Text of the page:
Used for the general display of numbers. You can specify the number of decimal places that you want to use, whether you want to use a thousands separator, and how you want to display negative numbers.
Used for general monetary values and displays the default currency symbol with numbers. You can specify the number of decimal places that you want to use, whether you want to use a thousands separator, and how you want to display negative numbers.
Also used for monetary values, but it aligns the currency symbols and decimal points of numbers in a column.
Displays date and time serial numbers as date values, according to the type and locale (location) that you specify. Date formats that begin with an asterisk (*) respond to changes in regional date and time settings that are specified in Control Panel. Formats without an asterisk are not affected by Control Panel settings.
Displays date and time serial numbers as time values, according to the type and locale (location) that you specify. Time formats that begin with an asterisk (*) respond to changes in regional date and time settings that are specified in Control Panel. Formats without an asterisk are not affected by Control Panel settings.
Multiplies the cell value by 100 and displays the result with a percent (%) symbol. You can specify the number of decimal places that you want to use.
Displays a number as a fraction, according to the type of fraction that you specify.
Displays a number in exponential notation, replacing part of the number with E+n, where E (which stands for Exponent) multiplies the preceding number by 10 to the nth power. For example, a 2-decimal Scientific format displays 12345678901 as 1.23E+10, which is 1.23 times 10 to the 10th power. You can specify the number of decimal places that you want to use.
Treats the content of a cell as text and displays the content exactly as you type it, even when you type numbers.
Displays a number as a postal code (ZIP Code), phone number, or Social Security number.
Allows you to modify a copy of an existing number format code. Use this format to create a custom number format that is added to the list of number format codes. You can add between 200 and 250 custom number formats, depending on the language version of Excel that is installed on your computer.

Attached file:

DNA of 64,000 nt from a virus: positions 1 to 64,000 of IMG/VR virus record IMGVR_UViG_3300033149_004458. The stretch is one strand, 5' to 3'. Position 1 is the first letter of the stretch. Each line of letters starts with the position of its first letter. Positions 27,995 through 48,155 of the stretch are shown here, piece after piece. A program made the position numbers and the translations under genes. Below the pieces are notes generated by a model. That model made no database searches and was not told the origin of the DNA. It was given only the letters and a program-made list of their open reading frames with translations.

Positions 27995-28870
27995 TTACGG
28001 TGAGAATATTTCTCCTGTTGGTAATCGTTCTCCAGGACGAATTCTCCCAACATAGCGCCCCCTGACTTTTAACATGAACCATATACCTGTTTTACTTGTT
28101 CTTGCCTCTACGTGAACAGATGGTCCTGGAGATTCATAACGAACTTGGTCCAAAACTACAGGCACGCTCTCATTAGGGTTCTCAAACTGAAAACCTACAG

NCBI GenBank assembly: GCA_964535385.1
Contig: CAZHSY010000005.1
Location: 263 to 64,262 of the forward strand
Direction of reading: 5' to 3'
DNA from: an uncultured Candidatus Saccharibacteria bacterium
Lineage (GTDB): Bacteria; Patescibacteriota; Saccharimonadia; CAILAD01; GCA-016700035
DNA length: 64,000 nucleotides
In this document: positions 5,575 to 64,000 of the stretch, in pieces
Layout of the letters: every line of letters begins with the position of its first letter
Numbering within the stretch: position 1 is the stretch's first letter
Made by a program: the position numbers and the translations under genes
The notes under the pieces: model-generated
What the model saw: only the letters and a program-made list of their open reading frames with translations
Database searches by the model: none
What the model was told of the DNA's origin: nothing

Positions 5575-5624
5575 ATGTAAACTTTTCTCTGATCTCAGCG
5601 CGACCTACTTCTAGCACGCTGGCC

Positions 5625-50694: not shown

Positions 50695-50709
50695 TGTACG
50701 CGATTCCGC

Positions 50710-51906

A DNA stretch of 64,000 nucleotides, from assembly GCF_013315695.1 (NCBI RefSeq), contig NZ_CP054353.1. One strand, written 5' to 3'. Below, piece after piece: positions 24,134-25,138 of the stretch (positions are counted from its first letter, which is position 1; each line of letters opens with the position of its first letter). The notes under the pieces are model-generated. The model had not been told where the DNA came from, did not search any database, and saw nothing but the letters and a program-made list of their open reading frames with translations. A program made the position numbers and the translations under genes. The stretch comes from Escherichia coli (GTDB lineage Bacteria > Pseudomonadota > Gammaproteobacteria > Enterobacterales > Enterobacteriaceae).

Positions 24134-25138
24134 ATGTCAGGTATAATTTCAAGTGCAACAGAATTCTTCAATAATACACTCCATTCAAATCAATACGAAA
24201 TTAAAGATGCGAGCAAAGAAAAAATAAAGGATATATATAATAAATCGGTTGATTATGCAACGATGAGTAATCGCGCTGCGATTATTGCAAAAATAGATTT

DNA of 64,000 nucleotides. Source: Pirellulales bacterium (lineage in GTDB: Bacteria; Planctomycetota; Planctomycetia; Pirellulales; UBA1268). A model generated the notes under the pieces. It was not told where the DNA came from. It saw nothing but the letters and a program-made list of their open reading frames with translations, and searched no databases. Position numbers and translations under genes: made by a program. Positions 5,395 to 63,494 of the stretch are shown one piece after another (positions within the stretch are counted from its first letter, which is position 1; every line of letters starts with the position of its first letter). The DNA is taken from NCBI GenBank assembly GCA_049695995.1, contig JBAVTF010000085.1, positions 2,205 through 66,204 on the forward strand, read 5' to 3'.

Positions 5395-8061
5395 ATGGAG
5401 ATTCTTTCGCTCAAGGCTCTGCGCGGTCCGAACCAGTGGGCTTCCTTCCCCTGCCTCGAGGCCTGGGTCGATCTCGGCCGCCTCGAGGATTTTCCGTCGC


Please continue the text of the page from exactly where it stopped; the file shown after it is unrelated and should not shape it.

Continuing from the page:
Align horizontally and vertically
text into cells can be displayed diagonally and vertically
As specified before you can also create a paragraph out of your text in a cell using the Wrap text function.
You can also display a text from right to left and from top to bottom and vice-versa.
To copy a cell (content and formats) you need to select a cell or a range and execute CTRL+c.
The Paste option pastes everything.
1. Select the origin cell, right click, and then click Copy (or press CTRL+c).
2. select cell destination cell, right click, and then click Paste under 'Paste Options:' (or press CTRL+v).
If you want to paste only the content or the format or the formula only then you need to do a change for step 2:
2. select cell destination cell, right click, and then click the relative icon (Values (V) or Formatting (R) or Formulas (F)) under 'Paste Options:' (or press CTRL+v).
You can also paste comments only, validation criteria only, use the source theme, all except borders, column widths, formulas and number formats, values and number formats. You can also use the Paste Special dialog box to perform quick operations, skip blanks and transpose data.
the Format Painter on the Home tab is the tool to quickly apply the same formatting, such as color, font style and size, and border style, to multiple pieces of text or graphics. The format painter lets you copy all of the formatting from one object and apply it to another one
It is basically a copying and pasting functionality for formatting.
As explained before, you can also paste the content of a cell into another one with the formats of ever paste the formula only.